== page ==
Dee Bradley Baker's "All to Know About Going Pro in V.O."

Joining the Union

When you are ready- join the actors union SAG-AFTRA and stay committed to it.

I am a big believer in the benefits of joining an actors’ union– when you are ready. Not only will you accrue pension benefits from working union, but you can qualify for health coverage for you and your family and you will enjoy the protection of negotiated contracts that can provide residuals that can help when times are lean. If there’s a problem, your union will go to bat for you, sort of like having a big brother if things get rough. When you work union, projects tend to be of better quality, the work environment better, the level of professionalism is higher as well as income. Everyone starts non-union, but most aspire to get beyond it for the reasons above.

The competition tends to also be correspondingly tougher in a union, as the level of talent and professionalism is higher.You should make sure you are competition-ready before you join a union, otherwise you can lock yourself into a competitive environment that is out of your league. I recommend “getting your sea legs” with non-union work first to make sure you are good to go before stepping up to a professional union.

When you join a union you pledge to no longer do “non-union” work. This solidarity with fellow union performers gives you all collectively the power to negotiate better conditions and pay.

While made-for-television animation VO work pays residuals (you get paid each time it airs on cable and network, generally), some union voice over work does not usually pay residuals- this includes video games, anime dubbing and some made-for-streaming work, (so far). In these latter instances, you get paid your session fee and that’s it. 

There are also various formulas for getting paid for DVD/blueray sales, as well as digital sales, depending on the original contract you recorded under and where it is then aired/consumed. This “post session fee” income is referred to as “the backend” pay.  So, you generally get paid for the original session, possibly to record any pick ups, and then later when it airs or sells. You get paid for the “backend” in perpetuity. In this way, your acting work as a union actor can be the “gift that keeps giving!” 

For current union pay rates CLICK HERE.

For television, movies, interactive games as well as some web-based content, the union is SAG-AFTRA. For stage work, it’s Actor’s Equity.

Non-union work, by contrast, often pays less in session fees, but more significantly pays no residuals and offers you no pension or health benefits and offers no contractual protection. If a dispute arises (e.g. being asked to do more than than you originally agreed, not getting paid), a union contract means you have your union’s membership and legal team to back you up and fight back for what is fair and safe.  You’re pretty much on your own with non-union work, and it sure feels that way. Same with non-union agents– they take a bigger cut of your money and they aren’t as likely to feel obligated to treat you fairly as they haven’t signed on to standards set by an ever-watchful actor’s union. You will probably feel you are taken advantage of in many ways when doing non-union work.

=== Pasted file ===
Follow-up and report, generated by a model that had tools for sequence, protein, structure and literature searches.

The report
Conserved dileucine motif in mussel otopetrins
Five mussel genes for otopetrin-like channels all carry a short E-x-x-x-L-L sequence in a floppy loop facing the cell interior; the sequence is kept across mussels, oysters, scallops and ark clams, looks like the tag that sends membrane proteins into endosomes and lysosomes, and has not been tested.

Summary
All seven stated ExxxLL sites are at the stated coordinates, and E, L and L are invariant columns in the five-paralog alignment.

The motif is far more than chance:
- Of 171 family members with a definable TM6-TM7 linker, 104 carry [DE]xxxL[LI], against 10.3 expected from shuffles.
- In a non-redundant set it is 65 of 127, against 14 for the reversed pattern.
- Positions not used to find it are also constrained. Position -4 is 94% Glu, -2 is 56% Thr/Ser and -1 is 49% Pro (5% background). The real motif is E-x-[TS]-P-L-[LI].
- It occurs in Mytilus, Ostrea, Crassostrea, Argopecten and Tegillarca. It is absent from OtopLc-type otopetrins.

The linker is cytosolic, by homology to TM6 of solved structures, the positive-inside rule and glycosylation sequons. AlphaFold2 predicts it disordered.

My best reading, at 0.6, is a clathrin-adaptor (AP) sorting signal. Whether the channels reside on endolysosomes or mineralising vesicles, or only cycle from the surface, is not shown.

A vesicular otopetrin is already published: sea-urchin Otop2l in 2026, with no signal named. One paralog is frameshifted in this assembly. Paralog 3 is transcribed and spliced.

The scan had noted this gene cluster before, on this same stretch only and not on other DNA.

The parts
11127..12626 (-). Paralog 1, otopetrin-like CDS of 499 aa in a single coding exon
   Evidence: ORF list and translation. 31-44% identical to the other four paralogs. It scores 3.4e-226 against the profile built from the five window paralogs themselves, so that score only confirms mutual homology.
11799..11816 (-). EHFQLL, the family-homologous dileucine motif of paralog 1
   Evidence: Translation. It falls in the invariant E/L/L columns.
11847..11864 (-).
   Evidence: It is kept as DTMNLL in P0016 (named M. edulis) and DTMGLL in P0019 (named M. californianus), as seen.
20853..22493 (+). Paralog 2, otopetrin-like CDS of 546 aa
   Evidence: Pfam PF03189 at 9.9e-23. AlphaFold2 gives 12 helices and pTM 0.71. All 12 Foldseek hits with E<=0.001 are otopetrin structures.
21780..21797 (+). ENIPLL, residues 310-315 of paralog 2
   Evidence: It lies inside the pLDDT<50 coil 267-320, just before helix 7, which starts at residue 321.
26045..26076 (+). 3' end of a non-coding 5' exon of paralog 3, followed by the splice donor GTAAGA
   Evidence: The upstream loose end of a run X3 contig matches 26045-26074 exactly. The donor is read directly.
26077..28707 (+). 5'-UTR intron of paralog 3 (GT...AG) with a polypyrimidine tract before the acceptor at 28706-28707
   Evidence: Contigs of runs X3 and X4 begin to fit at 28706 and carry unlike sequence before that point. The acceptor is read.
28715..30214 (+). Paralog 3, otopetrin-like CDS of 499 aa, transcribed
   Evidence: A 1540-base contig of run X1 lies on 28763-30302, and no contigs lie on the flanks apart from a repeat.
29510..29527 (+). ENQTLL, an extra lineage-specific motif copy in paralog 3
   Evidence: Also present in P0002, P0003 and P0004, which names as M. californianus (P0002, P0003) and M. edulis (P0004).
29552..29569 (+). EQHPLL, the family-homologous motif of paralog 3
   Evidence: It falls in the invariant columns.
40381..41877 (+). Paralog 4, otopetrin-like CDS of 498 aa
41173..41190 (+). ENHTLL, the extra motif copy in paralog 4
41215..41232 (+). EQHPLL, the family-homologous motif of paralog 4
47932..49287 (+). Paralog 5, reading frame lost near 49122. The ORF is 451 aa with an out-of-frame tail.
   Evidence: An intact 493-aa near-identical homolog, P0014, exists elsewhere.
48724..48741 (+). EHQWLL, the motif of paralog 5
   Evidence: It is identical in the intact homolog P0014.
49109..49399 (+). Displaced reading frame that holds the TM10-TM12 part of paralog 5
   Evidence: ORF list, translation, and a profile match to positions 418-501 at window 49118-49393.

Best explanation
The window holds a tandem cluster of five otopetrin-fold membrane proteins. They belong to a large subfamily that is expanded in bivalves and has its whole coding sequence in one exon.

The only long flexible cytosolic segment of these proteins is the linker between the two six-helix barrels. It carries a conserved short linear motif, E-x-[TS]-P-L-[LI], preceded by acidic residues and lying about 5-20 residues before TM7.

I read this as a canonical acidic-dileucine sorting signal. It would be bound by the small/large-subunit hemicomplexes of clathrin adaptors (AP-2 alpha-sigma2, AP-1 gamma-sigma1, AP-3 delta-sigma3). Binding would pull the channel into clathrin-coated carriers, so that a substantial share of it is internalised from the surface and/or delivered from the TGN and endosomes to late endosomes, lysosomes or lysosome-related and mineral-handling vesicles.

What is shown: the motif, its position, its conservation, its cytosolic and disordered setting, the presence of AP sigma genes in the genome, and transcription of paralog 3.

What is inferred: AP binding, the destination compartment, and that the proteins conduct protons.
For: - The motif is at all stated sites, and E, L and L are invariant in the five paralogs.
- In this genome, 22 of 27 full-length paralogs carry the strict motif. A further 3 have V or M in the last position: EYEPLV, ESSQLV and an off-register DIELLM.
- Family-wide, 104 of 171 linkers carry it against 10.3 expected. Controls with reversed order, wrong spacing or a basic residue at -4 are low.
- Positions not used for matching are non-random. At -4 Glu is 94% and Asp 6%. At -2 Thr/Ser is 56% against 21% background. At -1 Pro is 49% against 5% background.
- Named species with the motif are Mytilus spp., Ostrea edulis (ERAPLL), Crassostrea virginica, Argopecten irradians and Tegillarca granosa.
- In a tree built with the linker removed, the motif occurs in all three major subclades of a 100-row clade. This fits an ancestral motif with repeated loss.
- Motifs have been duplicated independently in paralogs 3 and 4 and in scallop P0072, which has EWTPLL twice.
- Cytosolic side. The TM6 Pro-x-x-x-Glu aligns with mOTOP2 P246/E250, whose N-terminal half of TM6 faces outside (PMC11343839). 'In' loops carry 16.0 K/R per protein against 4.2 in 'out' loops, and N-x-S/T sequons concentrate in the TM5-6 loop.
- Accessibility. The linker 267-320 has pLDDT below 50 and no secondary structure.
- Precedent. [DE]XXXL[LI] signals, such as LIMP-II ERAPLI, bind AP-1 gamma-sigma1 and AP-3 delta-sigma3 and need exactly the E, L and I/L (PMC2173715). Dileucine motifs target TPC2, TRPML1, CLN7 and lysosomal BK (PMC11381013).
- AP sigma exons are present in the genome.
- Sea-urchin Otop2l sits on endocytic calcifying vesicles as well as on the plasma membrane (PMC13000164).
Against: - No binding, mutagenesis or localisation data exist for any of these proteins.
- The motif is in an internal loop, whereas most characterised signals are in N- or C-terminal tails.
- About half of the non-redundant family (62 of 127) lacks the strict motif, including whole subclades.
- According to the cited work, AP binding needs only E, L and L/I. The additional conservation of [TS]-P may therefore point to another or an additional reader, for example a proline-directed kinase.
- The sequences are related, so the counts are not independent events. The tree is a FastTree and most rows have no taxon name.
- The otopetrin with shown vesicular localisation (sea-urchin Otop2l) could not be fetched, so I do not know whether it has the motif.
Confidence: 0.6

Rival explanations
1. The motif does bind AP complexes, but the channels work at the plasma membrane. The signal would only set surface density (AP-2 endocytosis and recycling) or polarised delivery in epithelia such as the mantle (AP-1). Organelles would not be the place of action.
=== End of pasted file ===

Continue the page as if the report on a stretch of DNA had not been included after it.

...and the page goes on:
Starting at this level is part of “paying your dues,” but most who leave it are more than glad to say goodbye to what often feels a much lower level of professionalism all ’round. It’s interesting to note that, as a union negotiates higher pay rates for its members, the rates of non-union performers also rise– “A rising tide lifts all boats.”

Most everyone starts in the non-union realm to gain experience and most want to get beyond it as soon as they can to a more lucrative, safer and more artistically fulfilling level of work through a union. This is true of actors, writers, directors, and so on. 

When you book your first union gig, the producers have to pay a small fee to the union and prove they’ve considered qualified union performers when making the choice to hire a non-union actor. Your status is then “SAG-AFTRA eligible.” This means you can join the union anytime, but are not yet a member or obligated to join. Upon booking your second union gig, you must have your union membership initiation fee fully paid before you report to work. That is when you must join.

Some join immediately when they become “eligible” and some choose to wait to maybe get a bit more non-union experience under their belt. That’s your choice, but you must be paid up in full before your second union gig start time. 

Once you join a union, show some class and self respect and don’t undermine your fellow performers (or yourself) by doing non-union work anymore. That is the number one rule of the union– don’t work non-union anymore! It is this commitment that give the union its power to negotiate and protect its members.

A few union members choose to ignore their commitment and work “off the card” on “special projects,” which is another way of saying “non-union.” Whether they do this out of desperation for money or just lack integrity and self-respect, it is an unfortunate choice for all.

The strength and dignity of a union is the solidarity of its members. Those union members that choose to (secretly) do non-union work undermine everyone’s ability to earn a living, improve our contracts, and qualify for health benefits and pension. They also are taking advantage of the work ethic of their union peers, an easier trick to pull off in the mostly hidden voice over world.

Ultimately, union members who choose to work non-union are shooting themselves in the foot in the name of selfish short-term gain. 

 

© Dee Bradley Baker 2016
%d bloggers like this: